By Rob Huisman, August 2014.
Recently surfaced extremely rare PoW money from Tamuang (Tamuan), Thailand. c. 1944. Tamuang camp, thirty nine kilometres north of Nong Pladuk (also known as Non Pladuk), eleven kilometres south of Kanchanaburi, or 375 kilometres south of Thanbyuzayat. Tamuang served as a transit camp and hospital for POWs during the 1943 to 1945 period. Following the Japanese surrender, it became a temporary holding camp for Australian, British, Dutch and American recovered POW, who had been engaged in railway maintenance or the construction of Japanese defence positions in various locations in Burma or Thailand. Their work load was extremely demanding under very poor conditions. They suffered a thirteen per cent death rate.
After doing some research on the two Tamuang chits, one of the first things I found was that not much utensils survived from the Birma railroad PoW camps. Probably this has to do with the fact that these camps were very remote and often only temporarily established at certain locations and moved when the railroad works progressed. In contrast to other Japanese PoW camps, most Birma camps were abandoned right away after the war ended and nobody focused on preserving anything at that time, getting home alive was the first priority.
Please have a look at an interesting article about Netherlands Indies camp money written by my fellow collector Hans P. van Weeren (http://papermoney-indonesia.com/?p=292). From this article you will find that most vouchers in Japanese camps were created by the internees themselves, trying to organize things and ration scarce goods. Most often they used primitive and available means to print vouchers, like lined paper from exercise books or cardboard from packaging material.
As you will see in the above referenced article, most of the primitive chits do not have any official Japanese authenticity stamps; again, they were often created by the internees themselves. The two Tamuang chits are printed single-sided on cardboard. I presume that cardboard was used that served as packaging material. The chit with value “10” has a Japanse character printed on the back. The cardboard of this chit has a thin layer of paper on the back, which seems to be a part of a bigger whole. It’s fair to assume there were other characters printed on the printed cardboard where this piece came from. I asked specialists to look at the Japanese character and it appears to be an old form of the character 連, which means unity, join, connection, etc., but cannot be given the correct meaning without the context of the accompanying characters. Therefore it looks like the character has no specific meaning to the chit other than that the cardboard was cut out of a larger piece of cardboard with Japanese characters, which was likely to be available for internees at Japanese camps.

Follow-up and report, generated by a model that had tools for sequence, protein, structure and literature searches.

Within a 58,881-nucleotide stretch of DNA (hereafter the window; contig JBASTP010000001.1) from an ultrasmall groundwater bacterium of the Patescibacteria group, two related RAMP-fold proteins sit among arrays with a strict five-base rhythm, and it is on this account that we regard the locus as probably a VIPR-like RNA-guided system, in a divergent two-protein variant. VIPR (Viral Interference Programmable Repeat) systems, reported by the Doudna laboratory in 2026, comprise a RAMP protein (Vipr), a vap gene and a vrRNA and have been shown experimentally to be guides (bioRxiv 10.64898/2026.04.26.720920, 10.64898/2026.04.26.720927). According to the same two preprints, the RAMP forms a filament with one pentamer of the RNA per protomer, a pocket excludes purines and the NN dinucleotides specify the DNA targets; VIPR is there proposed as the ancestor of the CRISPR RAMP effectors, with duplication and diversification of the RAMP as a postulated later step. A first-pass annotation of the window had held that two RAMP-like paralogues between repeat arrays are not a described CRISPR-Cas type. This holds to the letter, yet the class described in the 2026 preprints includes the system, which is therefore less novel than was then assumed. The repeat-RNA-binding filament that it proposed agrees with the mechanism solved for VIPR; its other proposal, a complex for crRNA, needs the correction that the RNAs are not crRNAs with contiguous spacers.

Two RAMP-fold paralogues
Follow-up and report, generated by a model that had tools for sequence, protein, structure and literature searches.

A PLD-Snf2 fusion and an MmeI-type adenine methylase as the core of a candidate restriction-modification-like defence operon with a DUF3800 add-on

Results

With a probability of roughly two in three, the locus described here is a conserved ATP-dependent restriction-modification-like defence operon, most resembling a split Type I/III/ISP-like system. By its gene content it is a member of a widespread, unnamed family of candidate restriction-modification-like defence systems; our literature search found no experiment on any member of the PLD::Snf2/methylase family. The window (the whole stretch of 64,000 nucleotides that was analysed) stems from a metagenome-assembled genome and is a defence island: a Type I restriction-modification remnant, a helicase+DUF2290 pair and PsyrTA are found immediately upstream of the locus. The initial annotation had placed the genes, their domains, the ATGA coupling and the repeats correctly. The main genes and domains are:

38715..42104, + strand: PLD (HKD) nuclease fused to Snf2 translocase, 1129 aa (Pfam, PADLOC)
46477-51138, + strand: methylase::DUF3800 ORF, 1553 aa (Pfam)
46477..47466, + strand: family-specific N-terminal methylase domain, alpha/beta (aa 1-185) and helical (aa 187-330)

A very interesting thing is the date stamp, Originally I presumed that these stamps with rotating day, month and year were only available since the 1960’s. But after doing some research, it appears these stamps were already available since the turn of the previous century. The best proof of that is a rotating date stamp from 1929 on the reverse of a 200 Gulden note from the Netherlands Indies.